As far as treats go, meal worms are a great source of protein. For protein, I feed each batch of chicks (6-8/ batch) one hard boiled egg yolk morning and night. Apart from that, I don't give treats because I want them to be hungry for and eating nutritionally balanced feed. They are growing like weeds, and personally, I believe they need to be eating the right stuff, not "junk" food. [​IMG] So, whatever "treats" you decide on, be it mealworms or ?, I offer that you feed sparingly. [​IMG]

    Enjoy your chickies! [​IMG]
     
    1 person likes this.
  5. JodyJo

    JodyJo Chillin' With My Peeps

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    I 2nd the above poster....for a treat, I actually give my chicks, watered chick starter...meaning I mix water with it and make it a mash...they go crazy for it! I also give grapes cut up...this is just to really get them used to my hands in the cage...the bigger chickens get kitchen scraps, lettuce, squash from the garden, pumpkin etc...make sure it is given sparingly and make it good for them,no added sugar, salt etc...I waited to give mine treats till they were several weeks old...and like I said, the mash is tricking them into thinking they are getting something really yummy!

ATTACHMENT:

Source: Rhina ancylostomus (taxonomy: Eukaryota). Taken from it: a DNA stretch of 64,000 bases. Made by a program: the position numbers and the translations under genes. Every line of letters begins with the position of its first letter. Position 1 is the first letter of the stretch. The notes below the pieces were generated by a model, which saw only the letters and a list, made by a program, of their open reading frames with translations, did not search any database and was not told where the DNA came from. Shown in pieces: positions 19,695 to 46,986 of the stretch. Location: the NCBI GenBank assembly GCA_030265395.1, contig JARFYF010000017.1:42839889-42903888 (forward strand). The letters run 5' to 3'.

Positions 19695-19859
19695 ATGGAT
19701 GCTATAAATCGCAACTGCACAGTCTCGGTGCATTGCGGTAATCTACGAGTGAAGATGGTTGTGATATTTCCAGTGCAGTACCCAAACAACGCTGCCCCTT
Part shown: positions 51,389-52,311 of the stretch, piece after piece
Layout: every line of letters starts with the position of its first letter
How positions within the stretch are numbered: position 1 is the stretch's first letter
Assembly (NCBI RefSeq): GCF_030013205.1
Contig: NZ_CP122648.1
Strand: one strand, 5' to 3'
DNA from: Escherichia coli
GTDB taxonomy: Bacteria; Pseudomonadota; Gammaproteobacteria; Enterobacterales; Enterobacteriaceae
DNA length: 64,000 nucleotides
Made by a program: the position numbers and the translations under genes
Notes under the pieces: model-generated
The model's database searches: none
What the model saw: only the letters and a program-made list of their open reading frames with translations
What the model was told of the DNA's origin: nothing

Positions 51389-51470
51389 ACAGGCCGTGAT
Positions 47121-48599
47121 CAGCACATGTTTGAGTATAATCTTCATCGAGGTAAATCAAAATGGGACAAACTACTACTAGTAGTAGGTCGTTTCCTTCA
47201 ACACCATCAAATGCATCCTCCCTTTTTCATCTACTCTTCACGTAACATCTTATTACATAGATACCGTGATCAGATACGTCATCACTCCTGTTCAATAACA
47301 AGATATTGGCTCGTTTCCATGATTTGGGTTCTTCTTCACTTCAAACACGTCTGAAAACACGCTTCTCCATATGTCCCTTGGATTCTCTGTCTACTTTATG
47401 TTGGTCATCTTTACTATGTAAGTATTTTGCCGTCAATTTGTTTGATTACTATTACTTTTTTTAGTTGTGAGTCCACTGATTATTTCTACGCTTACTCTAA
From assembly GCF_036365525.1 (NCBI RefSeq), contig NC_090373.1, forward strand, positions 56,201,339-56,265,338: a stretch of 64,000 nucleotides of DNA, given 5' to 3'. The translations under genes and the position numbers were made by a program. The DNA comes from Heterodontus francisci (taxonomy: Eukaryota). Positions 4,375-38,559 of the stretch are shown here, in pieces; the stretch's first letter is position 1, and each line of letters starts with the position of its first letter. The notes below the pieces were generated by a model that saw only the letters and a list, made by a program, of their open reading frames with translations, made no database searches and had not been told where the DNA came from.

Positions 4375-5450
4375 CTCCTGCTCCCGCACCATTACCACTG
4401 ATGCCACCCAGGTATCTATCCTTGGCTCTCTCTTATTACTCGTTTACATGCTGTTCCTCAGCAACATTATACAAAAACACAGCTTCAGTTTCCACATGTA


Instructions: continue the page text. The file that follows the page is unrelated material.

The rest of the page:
Others may disagree, but to each his own, we all have different chicks and different ways..do what works for you...but do offer grit, if they aren't able to get to their own, through free ranging yet.
     
    1 person likes this.
  6. lbartsch

    lbartsch Chillin' With My Peeps

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    Thanks! I love the idea of putting dug up clumps of grass in a feed dish. Do I have to give grit if I do that? Seems like they might get it from the dirt that will be with the grass. This is kind of a perfect solution for me because We're digging up all the backyard grass anyway to put in raised planters.
     
  7. JodyJo

    JodyJo Chillin' With My Peeps

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    I would say no, it should be in the dirt...make sure the grass blades aren't too long, they can get caught up in the crop in a young bird.